Where Can I Get Additional Help?

  1. Internal Training. Request internal Agile training from your organization.
  2. Online Courses. Several organizations offer online courses, including Mountain Goat Software eLearning and courses from Rally.
  3. ScrumMaster Brown Bag. Invite fellow ScrumMasters to meet for regular brown-bag lunches to discuss topics of interest and get input on questions and challenges from other current and former ScrumMasters.
  4. Agile Coach. Seek 1:1 help from an experienced Agile practitioner within your organization.
  5. Agile Conferences. Many organizations understand the value of conferences and training. Conduct a web search or ask your Agile Coach for opportunities available to increase your skills as a ScrumMaster.
  6. Certification. Certification courses can offer intensive training. Two well-known options are CSM training from ScrumAlliance and Alistair Cockburn’s ICAgile.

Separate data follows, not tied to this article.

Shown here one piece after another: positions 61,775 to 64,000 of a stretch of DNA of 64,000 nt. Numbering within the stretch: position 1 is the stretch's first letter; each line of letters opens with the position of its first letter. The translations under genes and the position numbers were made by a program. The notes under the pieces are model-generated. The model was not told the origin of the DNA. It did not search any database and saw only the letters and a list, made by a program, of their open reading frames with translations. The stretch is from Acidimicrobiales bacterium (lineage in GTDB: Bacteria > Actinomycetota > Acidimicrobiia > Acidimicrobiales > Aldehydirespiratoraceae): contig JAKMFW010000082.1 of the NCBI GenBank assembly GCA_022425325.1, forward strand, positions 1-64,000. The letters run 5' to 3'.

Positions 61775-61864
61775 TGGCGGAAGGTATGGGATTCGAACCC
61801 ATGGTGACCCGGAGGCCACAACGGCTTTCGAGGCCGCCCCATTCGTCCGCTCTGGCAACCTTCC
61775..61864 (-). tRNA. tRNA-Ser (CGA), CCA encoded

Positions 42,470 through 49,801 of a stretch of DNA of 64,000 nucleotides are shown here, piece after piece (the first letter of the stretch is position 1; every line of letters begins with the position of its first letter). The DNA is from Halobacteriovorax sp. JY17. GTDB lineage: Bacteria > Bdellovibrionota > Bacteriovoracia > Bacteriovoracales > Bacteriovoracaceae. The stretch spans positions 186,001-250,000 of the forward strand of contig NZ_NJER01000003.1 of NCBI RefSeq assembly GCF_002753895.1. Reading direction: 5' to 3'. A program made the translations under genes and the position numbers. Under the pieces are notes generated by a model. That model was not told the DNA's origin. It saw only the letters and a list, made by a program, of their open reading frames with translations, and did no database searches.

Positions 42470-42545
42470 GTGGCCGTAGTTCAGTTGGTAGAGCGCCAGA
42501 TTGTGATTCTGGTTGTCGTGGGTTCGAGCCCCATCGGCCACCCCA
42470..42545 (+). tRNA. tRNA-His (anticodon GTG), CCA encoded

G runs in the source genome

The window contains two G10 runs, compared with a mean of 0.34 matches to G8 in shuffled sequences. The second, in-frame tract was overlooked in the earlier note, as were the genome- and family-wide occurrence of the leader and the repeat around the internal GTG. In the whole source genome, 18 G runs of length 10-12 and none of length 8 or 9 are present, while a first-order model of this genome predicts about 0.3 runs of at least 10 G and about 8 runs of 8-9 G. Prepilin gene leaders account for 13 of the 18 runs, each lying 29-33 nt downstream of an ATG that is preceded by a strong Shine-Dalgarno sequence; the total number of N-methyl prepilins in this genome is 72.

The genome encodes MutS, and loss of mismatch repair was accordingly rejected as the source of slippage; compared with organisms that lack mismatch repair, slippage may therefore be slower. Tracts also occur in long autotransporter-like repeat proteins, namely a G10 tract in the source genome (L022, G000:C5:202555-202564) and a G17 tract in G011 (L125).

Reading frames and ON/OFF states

1. Beck, Kent et al. "Manifesto for Agile Software Development." Agile Manifesto. The Agile Alliance, 13Feb2001. Web. 17 Nov 2011.
  2. Cohn, Mike. "Leader of the Band: Six Attributes of the Good ScrumMaster." Mountain Goat Software. N.p., 01Feb2007. Web. 17 Nov. 2011.
  3. Derby, Esther. "ScrumMasters and Agile Coaches: More than a Title." Insights You Can Use. 15Nov2011. Web. 17 Nov 2011.
  4. Derby, Esther and Diana Larsen. Agile Retrospectives: Making Good Teams Great. 1. Pragmatic Bookshelf, 2006. PDF.
  5. Porter, Steve. "Chickens and Pigs." Scrum Guide Updates., 01Aug2011. Web. 17 Nov. 2011.
  6. Schwaber, Ken and Jeff Sutherland. "The Definitive Guide to Scrum: The Rules of the Game." Improving the Profession of Software Development., 01Jul2011. Web. 17 Nov 2011.
  7. Szalvay, Laszlo. "Top 7 Responsibilities of a ScrumMaster." Top 7 Business. Christopher M. Knight, 20Apr2009. Web. 17 Nov. 2011. 
Jen Stone Browne